Microsoft researcher talks tools, telescope, and iPhone

Speaking to developers at PDC 2008, Rick Rashid notes the Mach kernel he developed at Carnegie Mellon 25 years ago is at the heart of Mac OS X. Plus: toolkits and Worldwide Telescope software.

Ina Fried Former Staff writer, CNET News
During her years at CNET News, Ina Fried changed beats several times, changed genders once, and covered both of the Pirates of Silicon Valley.
Ina Fried
2 min read
Rick Rashid
Microsoft researcher Rick Rashid speaks to developers Wednesday at the Professional Developer Conference. Ina Fried/CNET News

LOS ANGELES--As he began his speech on Wednesday, Microsoft Research chief Rick Rashid talked up his ties, not just to Microsoft's products, but also to those from Apple.

"If you use a Macintosh or an iPhone, which honestly I would not recommend, you would be using code that I wrote more than 25 years ago," Rashid quipped to a crowd of developers at the company's Professional Developer Conference here. In his Carnegie Mellon days, Rashid helped create the Mach kernel that is at the heart of Mac OS X (Note: I originally stated that it was at the heart of FreeBSD, but others have pointed out that's not accurate).

Rashid noted that it's also a testimony to the staying power of core technology ideas.

"If you'd asked me 25 years ago if I thought code I was (writing, would be) running today on a cell phone, my reaction would have been 'what's a cell phone?'" Rashid said.

"It just shows you things really do survive and get used in interesting ways," Rashid said.

Later in his talk, Rashid is expected to show off some of the latest technology from the labs. (I'm betting we see Microsoft's Sphere surface computer, since Microsoft started the keynote Wednesday with a thank you note to the company that makes the display that powers Sphere.)

Update, 9:12 a.m. PDT: Microsoft put out a release noting some of the things Rashid will cover.

Microsoft plans an update to its Worldwide Telescope software and also detailed the Microsoft CCR and DSS Toolkit 2008, software developer tools that aim to "make it easier to develop loosely-coupled concurrent and distributed applications."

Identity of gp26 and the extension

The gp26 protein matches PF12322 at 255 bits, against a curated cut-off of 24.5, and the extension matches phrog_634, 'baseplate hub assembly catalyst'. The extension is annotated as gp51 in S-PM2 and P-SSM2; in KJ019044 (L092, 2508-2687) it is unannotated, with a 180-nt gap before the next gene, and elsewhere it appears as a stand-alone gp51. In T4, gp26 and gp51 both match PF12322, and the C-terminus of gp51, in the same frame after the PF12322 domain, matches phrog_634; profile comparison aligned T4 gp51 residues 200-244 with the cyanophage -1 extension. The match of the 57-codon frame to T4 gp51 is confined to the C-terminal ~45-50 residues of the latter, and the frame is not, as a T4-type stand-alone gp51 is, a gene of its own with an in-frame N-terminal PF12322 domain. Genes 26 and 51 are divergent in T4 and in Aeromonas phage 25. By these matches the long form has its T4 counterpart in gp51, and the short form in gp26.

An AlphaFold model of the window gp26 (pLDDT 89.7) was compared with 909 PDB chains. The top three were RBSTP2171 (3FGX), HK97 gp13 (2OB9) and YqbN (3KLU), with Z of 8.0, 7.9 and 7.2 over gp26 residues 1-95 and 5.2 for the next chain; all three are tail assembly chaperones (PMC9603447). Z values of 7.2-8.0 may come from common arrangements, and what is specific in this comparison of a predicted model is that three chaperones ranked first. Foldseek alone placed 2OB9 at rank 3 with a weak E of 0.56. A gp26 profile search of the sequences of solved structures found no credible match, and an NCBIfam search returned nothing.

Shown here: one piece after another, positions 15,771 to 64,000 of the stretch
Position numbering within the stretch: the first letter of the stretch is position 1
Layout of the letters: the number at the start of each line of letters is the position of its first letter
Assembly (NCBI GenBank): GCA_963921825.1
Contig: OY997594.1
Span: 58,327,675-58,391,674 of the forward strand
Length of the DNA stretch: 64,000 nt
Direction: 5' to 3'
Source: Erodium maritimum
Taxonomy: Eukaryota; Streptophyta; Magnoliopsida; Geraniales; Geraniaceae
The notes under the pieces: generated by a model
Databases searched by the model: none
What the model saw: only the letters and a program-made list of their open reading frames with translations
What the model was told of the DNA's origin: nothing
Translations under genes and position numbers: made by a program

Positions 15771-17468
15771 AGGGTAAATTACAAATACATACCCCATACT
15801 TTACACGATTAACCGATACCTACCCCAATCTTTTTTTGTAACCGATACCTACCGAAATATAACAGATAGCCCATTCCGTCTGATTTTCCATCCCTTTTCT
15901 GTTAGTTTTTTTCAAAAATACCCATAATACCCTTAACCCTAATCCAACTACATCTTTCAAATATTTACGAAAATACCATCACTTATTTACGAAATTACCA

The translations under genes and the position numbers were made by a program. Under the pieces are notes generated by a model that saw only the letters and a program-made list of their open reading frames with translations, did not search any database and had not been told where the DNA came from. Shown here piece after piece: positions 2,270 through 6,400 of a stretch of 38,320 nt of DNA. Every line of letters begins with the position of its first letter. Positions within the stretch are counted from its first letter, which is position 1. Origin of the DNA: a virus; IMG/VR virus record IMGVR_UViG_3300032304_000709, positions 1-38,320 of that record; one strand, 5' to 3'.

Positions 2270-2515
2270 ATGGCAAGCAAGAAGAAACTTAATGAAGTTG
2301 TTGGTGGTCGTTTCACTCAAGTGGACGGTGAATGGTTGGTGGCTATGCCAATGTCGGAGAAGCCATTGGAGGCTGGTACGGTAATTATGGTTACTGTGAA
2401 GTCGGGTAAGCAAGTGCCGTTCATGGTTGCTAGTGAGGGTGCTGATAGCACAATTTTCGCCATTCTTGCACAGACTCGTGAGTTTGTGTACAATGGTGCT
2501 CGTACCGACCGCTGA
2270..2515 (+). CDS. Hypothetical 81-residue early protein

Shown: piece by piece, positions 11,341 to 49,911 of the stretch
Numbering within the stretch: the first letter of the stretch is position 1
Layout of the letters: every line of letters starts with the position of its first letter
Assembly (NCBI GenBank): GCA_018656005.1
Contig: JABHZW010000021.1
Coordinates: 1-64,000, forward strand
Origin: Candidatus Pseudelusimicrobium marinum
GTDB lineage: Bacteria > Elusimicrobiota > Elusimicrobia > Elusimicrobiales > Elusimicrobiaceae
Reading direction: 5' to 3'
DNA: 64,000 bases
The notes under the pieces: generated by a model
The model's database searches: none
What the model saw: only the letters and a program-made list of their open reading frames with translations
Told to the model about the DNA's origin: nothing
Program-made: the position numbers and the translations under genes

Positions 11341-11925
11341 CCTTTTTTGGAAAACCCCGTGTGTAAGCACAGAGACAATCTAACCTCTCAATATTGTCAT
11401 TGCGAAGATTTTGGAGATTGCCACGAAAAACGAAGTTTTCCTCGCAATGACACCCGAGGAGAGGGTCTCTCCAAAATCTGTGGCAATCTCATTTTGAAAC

sensor map
Microsoft sensor technology is being used to create maps for research and work related to protecting the environment. Elinor Mills/CNET News

Other topics include: DryadLINQ (a project that enables ordinary programmers to write large-scale data parallel applications to run on large PC clusters), a tool to help kids learn to program known as Boku, as well as Second Light, a surface computing research project I wrote about earlier this month.

Meanwhile, Microsoft researcher Feng Zhao is discussing how computers factor into the world's energy use. In the U.S. for example, computing uses about 1.5 percent of all electricity, according to a 2006 EPA report. However, computers can also be used to make other systems, such as heating and air conditioning, more efficient.

A slide of updated telescope software features.
A slide of updated telescope software features. Elinor Mills/CNET News

Zhao showed a sensor map from Microsoft research that helped chart the temperature in the main convention hall over the last couple of days. He noted that Microsoft uses 10,000 such sensors throughout its data centers.

"It's...good for our customers," he said. "It's also good for the world."

Update, 9:45 a.m. PDT: Rashid discussed the update to the telescope software, which Microsoft is calling the "equinox" update.

The new update, going live now, offers more than double the data of the original release, including 55 new panoramic images from the Apollo moon and Pathfinder Mars missions.

The demos drew loud applause as Rashid showed a wide range of views, including a display of the entire viewable universe.